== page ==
On 18 March 2004, the European Court of Justice (ECJ) ruled in case C-342/01: María Paz Merino Gómez v Continental Industrias del Caucho SA that a worker must be able to take her annual leave during a period other than her maternity leave. This is the case even if the maternity leave coincides with the general period of annual leave fixed for the entire workforce by a collective agreement.
In Fairhurst Ward Abbotts Ltd v Botes Building Ltd and others  IRLR 304 CA, the Court of Appeal held that the Transfer of Undertakings (Protection of Employment) Regulations 1981 apply to part of an undertaking, even if the part transferred had not been an identifiable, stable economic entity prior to the transfer.
Hilary Slater, consultant with Cobbetts solicitors, provides a round-up of employment tribunal decisions on discrimination.
In Serco Ltd v Lawson; Foreign and Commonwealth Office (interested party), the Court of Appeal holds that an employment tribunal did not have jurisdiction to hear an unfair dismissal claim by an employee based abroad. Regulation 11(5) of the Employment Tribunals (Constitution and Rules of Procedure) Regulations 2001, relied upon by the EAT as determining jurisdiction, did not, in fact, have that effect.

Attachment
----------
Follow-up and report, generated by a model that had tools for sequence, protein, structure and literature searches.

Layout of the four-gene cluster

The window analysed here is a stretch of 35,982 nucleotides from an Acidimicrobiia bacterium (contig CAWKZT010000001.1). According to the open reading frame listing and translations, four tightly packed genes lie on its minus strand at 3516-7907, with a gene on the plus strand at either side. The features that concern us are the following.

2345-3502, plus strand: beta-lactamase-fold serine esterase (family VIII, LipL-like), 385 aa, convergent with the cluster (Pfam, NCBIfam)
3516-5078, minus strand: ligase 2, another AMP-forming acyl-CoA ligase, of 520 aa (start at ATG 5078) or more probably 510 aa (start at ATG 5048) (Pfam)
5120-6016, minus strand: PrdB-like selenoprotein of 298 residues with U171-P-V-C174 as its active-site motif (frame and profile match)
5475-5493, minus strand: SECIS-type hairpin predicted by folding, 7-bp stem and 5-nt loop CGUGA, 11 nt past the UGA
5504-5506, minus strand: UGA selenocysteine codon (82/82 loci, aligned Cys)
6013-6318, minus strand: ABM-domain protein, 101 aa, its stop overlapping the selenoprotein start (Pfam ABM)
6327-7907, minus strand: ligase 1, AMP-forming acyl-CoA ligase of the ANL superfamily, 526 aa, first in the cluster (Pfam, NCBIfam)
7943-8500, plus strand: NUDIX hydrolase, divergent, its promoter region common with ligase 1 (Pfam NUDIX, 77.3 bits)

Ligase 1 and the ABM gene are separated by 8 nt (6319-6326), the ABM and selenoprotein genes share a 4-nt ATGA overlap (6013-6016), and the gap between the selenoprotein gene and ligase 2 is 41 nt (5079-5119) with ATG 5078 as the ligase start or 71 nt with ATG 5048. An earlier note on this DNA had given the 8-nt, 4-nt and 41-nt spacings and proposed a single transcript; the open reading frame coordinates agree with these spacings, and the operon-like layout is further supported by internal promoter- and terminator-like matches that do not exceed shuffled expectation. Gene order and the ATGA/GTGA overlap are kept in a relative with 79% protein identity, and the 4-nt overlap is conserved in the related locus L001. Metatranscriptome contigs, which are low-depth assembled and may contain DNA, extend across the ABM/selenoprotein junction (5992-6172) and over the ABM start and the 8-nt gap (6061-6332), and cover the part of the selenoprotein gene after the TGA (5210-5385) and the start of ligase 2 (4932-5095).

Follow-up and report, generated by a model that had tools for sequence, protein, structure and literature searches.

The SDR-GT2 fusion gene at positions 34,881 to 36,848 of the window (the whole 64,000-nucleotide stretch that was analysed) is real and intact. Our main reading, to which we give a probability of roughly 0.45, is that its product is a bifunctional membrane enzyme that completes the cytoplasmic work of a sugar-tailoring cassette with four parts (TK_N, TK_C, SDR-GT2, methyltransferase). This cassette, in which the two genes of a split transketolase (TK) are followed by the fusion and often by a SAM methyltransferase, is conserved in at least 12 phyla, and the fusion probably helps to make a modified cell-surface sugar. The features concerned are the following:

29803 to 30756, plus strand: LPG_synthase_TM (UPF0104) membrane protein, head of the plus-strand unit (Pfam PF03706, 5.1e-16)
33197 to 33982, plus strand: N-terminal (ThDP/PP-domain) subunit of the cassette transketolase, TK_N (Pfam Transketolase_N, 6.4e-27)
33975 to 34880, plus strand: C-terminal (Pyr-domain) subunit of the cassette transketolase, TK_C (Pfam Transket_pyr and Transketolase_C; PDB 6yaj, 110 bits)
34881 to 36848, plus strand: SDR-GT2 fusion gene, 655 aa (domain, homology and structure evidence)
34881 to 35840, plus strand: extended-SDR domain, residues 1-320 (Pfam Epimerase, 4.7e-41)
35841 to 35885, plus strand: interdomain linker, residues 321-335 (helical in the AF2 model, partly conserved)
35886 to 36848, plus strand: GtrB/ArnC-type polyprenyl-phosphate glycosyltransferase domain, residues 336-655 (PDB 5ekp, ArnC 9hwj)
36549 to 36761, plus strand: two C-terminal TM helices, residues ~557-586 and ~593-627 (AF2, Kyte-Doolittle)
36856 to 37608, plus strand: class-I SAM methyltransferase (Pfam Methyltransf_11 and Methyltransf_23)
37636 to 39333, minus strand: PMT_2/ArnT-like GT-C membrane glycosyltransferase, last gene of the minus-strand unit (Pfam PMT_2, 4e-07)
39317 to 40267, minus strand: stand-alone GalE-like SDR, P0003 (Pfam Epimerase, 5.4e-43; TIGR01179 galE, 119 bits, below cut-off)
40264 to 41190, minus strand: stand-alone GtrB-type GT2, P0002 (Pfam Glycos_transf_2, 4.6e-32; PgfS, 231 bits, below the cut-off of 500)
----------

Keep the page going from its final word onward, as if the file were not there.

In Health & Safety Executive v Cadman, the EAT holds that, where a woman claims equal pay on the basis that she is paid less than her longer-serving male comparators doing work rated as equivalent, the employer is not required to produce specific justification for using length of service as a pay criterion in circumstances where it was distinguishing between full-time workers.
In Allonby v Accrington & Rossendale College and others  IRLR 224 ECJ, the European Court of Justice held that a female lecturer employed via an agency could not claim equal pay in relation to a male lecturer employed directly by the college. The employment agency and the college could not be construed as being the same employer, and the differences in equal pay could not be attributed to a single source, so there was no single body responsible for the inequality.
In KB v National Health Service Pensions Agency and another  IRLR 240 ECJ, the European Court of Justice held that legislation that, in breach of the European Convention on Human Rights, prevents transsexual people from fulfilling a marriage requirement that must be met for one of them to be able to receive a survivor's pension, must be regarded as being in principle incompatible with the requirements of Article 141 of the EC Treaty.
In Allonby v Accrington & Rossendale College and others, the European Court of Justice (ECJ) rules that a lecturer employed through an agency could not claim equal pay with lecturers employed directly by the college, but she could claim entitlement to join the lecturers' statutory pension scheme even though it was open only to those with a contract of employment.
The ECJ has delivered its decision in the case of Allonby.
HR and legal information and guidance relating to the European Union.